In today’s workforce, the role of human resource manager is more important than ever. Because companies and organizations know how essential employee satisfaction is to productivity, they are not just looking to fill positions; rather, they are looking to attract the most qualified and motivated employees and keep them satisfied. This important connection between employers, employees and jobs is the domain of human resource managers.
Jobs in human resource management
Human resource managers may focus on a variety of tasks depending on their specialization. For example, in small organizations, one human resource manager may recruit, hire and fire employees, set salary and benefits and train new employees. In larger organizations, human resource management positions are more likely to be specialized. There may be compensation and benefits managers, who set salaries and choose benefits policies, making sure the company is complying with regulations, or there might be training and development managers, who oversee programs intended to help employees learn new skills and hone those they already possess. In these larger organizations, a director of human resources is likely to oversee other human resource managers.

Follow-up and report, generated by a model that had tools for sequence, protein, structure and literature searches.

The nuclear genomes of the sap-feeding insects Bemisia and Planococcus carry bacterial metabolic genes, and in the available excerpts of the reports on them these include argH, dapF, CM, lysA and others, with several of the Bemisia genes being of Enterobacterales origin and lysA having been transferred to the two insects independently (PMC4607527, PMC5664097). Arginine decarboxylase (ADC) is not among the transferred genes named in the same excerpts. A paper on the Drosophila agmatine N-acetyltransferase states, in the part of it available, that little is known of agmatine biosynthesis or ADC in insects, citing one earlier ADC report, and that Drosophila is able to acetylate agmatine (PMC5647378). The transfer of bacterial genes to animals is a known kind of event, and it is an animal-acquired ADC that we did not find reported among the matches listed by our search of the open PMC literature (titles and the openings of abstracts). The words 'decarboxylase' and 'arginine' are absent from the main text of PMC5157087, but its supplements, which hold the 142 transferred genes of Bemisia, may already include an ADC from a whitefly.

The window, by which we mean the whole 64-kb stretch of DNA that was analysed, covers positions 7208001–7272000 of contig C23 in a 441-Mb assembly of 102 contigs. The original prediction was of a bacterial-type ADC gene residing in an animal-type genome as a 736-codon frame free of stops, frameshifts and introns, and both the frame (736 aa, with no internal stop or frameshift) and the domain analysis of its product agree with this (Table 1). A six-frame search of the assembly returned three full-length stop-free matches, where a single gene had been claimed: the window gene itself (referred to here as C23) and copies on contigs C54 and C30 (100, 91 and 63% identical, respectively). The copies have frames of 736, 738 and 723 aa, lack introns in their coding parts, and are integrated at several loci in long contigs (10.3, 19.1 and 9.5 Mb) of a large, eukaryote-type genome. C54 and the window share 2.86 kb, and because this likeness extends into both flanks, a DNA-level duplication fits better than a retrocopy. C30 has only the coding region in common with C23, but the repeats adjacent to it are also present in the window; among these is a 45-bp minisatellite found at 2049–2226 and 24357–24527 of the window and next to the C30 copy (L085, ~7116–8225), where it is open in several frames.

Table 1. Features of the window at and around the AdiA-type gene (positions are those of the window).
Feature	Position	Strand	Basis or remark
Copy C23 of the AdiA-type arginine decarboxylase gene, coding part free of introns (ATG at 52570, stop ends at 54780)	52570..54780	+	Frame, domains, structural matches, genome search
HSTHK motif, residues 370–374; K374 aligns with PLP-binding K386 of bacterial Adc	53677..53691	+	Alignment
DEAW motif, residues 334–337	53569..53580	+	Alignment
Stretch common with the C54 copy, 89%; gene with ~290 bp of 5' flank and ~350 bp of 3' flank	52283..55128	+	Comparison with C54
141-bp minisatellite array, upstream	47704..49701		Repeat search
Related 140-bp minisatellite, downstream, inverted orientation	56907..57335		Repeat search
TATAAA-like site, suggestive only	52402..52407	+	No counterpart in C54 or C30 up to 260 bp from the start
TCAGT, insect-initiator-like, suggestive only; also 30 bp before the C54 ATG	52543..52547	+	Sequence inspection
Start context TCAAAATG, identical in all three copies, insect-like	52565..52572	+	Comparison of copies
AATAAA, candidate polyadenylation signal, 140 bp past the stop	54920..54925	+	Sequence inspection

Preparing for a career as a human resource manager
Most human resource management jobs require at least a bachelor’s degree and several years of experience. Some employers may require a degree in human resources or labor relations, while others may prefer a business or liberal arts degree. Some jobs require a Master’s degree, and if you want an advantage when it comes to competing for higher-level positions, it’s a good idea to earn a Master’s degree in human resources management or a related field.
According to the Bureau of Labor Statistics, industries with the highest numbers of human resource managers include management of companies and enterprises, local government and general medical and surgical hospitals.
Salary potential and job outlook for human resource managers
Human resource management is a relatively lucrative career field even though average salaries do vary according to specialization. The following are top-paying industries for this profession:
- Information services
- Insurance and employee benefit funds
- Motor vehicle manufacturing
The top-paying states for human resource managers were New Jersey, the District of Columbia, Delaware, California and Massachusetts. New Jersey and Massachusetts were also listed among the top-paying states for training and development, and compensation and benefits managers.
The overall employment of human resource managers is expected to grow by about 10 percent, which is about as fast as the average.